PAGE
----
BAD DEALS A new series in which people reveal their worst investments. By Corinne Simcock
Ann Jousiffe, 41, is a writer and photographer specialising in the Middle East and North Africa. In 1995 she appeared on Channel 4's Cutting Edge after taking a group of British mothers whose children had been abducted to Libya for a three-week reunion.

"At the tail end of the Seventies, all my friends were buying their first flats and houses - mostly on the cheap - and doing them up," she says. "Being freelance, I didn't have much money and my income was very erratic, so when I heard about a house in Olympia going for the bargain price of pounds 3,800 I was immediately interested.

"As soon as I saw it, I thought 'What a lot of house for so little money ... I wonder why?' In my mind's eye I could already see how it would look when it was done up.

"In fact, the reason it was so cheap was that it was falling apart and besides two of the three flats had sitting tenants. Because of these tenants the council had attached an order of works, so there was a legal obligation to refurbish it.

"Despite all the problems, a bargain is a bargain ... or so I thought at the time. No mortgage broker would touch it with a barge-pole, but fired up with optimism and complete inexperience, I went ahead and bought it, having browbeaten my bank manager into giving me a loan.

"The mood at that time was that property prices were about to spiral; it was the best possible investment you could make and it might be my last chance to be able to afford anything.

"My bank manager had always been very accommodating and agreed that the house was a bargain, but wanted to know how I was going to raise the money to do the work. I said that some of it was going to come from my projected income and the rest was going to come from a private loan which had already been agreed. Unfortunately that loan never materialised.

"I wasn't too worried about the sitting tenants because another friend of mine had bought a house in the same circumstances and within a few months his local council had rehoused them so that he could get on with the work.

"There was no guarantee of that happening in my case, but I was hopeful that the council would be more helpful than they subsequently turned out to be, especially since the ground floor flat was grossly overcrowded. Despite the fact that it only had one bedroom, it was housing an entire family with four children of mixed sexes.

"Naively, I had imagined that I could do a lot of the work myself, but of course I was wrong. This house had so many problems I didn't know where to begin: wet rot, dry rot, a leaking roof and a most unpleasant bulge in one of the outside walls. Basically, I had jumped in and bought it without investigating how much it would cost to put all these problems right.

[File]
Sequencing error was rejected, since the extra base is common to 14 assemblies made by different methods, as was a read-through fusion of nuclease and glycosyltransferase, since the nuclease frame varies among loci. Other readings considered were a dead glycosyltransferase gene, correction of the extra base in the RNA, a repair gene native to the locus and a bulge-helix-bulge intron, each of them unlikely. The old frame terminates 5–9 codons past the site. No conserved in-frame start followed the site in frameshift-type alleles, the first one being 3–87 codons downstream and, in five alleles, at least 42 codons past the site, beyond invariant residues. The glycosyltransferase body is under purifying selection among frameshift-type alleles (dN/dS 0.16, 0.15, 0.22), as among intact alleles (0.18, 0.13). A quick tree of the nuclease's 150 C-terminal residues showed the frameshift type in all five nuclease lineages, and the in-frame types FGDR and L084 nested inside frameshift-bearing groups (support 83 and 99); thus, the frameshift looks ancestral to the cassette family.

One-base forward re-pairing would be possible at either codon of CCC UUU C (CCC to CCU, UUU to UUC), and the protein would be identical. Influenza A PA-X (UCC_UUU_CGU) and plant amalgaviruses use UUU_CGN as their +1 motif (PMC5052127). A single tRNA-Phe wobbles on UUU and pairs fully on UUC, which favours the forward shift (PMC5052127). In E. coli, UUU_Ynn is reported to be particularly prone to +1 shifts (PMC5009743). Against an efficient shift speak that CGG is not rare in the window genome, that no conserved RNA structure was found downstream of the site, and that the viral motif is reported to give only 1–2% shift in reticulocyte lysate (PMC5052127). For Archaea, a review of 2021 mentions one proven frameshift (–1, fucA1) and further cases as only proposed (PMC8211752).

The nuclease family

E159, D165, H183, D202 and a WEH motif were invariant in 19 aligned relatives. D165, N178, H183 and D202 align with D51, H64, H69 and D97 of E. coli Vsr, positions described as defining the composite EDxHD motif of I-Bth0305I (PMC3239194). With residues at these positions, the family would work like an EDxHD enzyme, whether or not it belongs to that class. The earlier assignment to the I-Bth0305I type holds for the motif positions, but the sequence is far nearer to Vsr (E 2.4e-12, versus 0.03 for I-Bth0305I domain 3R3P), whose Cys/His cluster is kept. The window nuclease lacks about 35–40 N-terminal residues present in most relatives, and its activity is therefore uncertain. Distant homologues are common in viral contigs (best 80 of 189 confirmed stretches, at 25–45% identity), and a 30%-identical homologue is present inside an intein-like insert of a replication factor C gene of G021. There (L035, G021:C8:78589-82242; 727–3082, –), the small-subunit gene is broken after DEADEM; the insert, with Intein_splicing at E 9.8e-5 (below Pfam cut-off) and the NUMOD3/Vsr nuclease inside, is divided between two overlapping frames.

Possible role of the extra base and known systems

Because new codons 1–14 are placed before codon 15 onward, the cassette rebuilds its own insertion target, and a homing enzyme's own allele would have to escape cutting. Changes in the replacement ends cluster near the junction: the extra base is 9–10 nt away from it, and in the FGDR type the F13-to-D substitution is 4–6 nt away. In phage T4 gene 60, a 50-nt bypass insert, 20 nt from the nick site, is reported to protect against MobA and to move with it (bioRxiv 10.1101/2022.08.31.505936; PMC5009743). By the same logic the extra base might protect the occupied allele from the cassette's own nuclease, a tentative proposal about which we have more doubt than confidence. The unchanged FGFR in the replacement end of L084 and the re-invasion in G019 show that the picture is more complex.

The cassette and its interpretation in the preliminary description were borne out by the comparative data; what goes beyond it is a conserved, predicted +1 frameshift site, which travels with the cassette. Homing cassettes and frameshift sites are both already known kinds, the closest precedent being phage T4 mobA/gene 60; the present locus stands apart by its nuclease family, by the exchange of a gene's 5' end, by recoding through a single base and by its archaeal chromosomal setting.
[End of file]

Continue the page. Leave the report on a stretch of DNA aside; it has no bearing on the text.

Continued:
"I never did move in because it simply wasn't habitable. Instead, I was sleeping in somebody's spare room and working on the house during the day. Most of it was of the sledgehammer variety; I started to rip things out and fill a lot of skips, but it very quickly became clear that this was a gigantic job. And to make matters worse, I was spending so much time there that I wasn't working.

"For about eight months I would turn up at the house each day, put on my overalls, stare at the mess and burst into tears.

"Meanwhile, I had a responsibility for the tenants. I couldn't just go ahead, demolish the house and rebuild it - which is what it needed - while they were living in it. I approached the local council for help with rehousing them while the more drastic work took place, but they said there was nothing they could do. At the same time they were putting enormous pressure on me to get the work done.

"My relationship with the tenants degenerated within months. They couldn't understand why I had bought it in the first place if I didn't have the cash to do it up. I had no alternative but to go back to the bank and try to borrow more money to get professional builders in. But the mood for lending at that time had changed from overt generosity to downright meanness, and my bank manager turned me down flat. He said he wasn't in the business of property speculation.

"I started casting around for a buyer and eventually sold it to the Notting Hill Housing Trust for pounds 20,000, which shows how much property prices had increased in such a short period.

"By the time I had paid back the bank loan plus interest, settled my credit cards and the rest of my debts I was left with about pounds 5,000 in my pocket, which certainly wasn't enough to buy anything else. The only good result was that the tenants got rehoused in smart new flats.

"I went back to see the house about a year later, by which time it had been completely restored. The property boom shortly afterwards did indeed send prices soaring, and I have kicked myself ever since because today that house is worth pounds 200,000.

"It was a hard lesson to learn, but there really is no such thing as a bargain property unless you have the money to invest in it."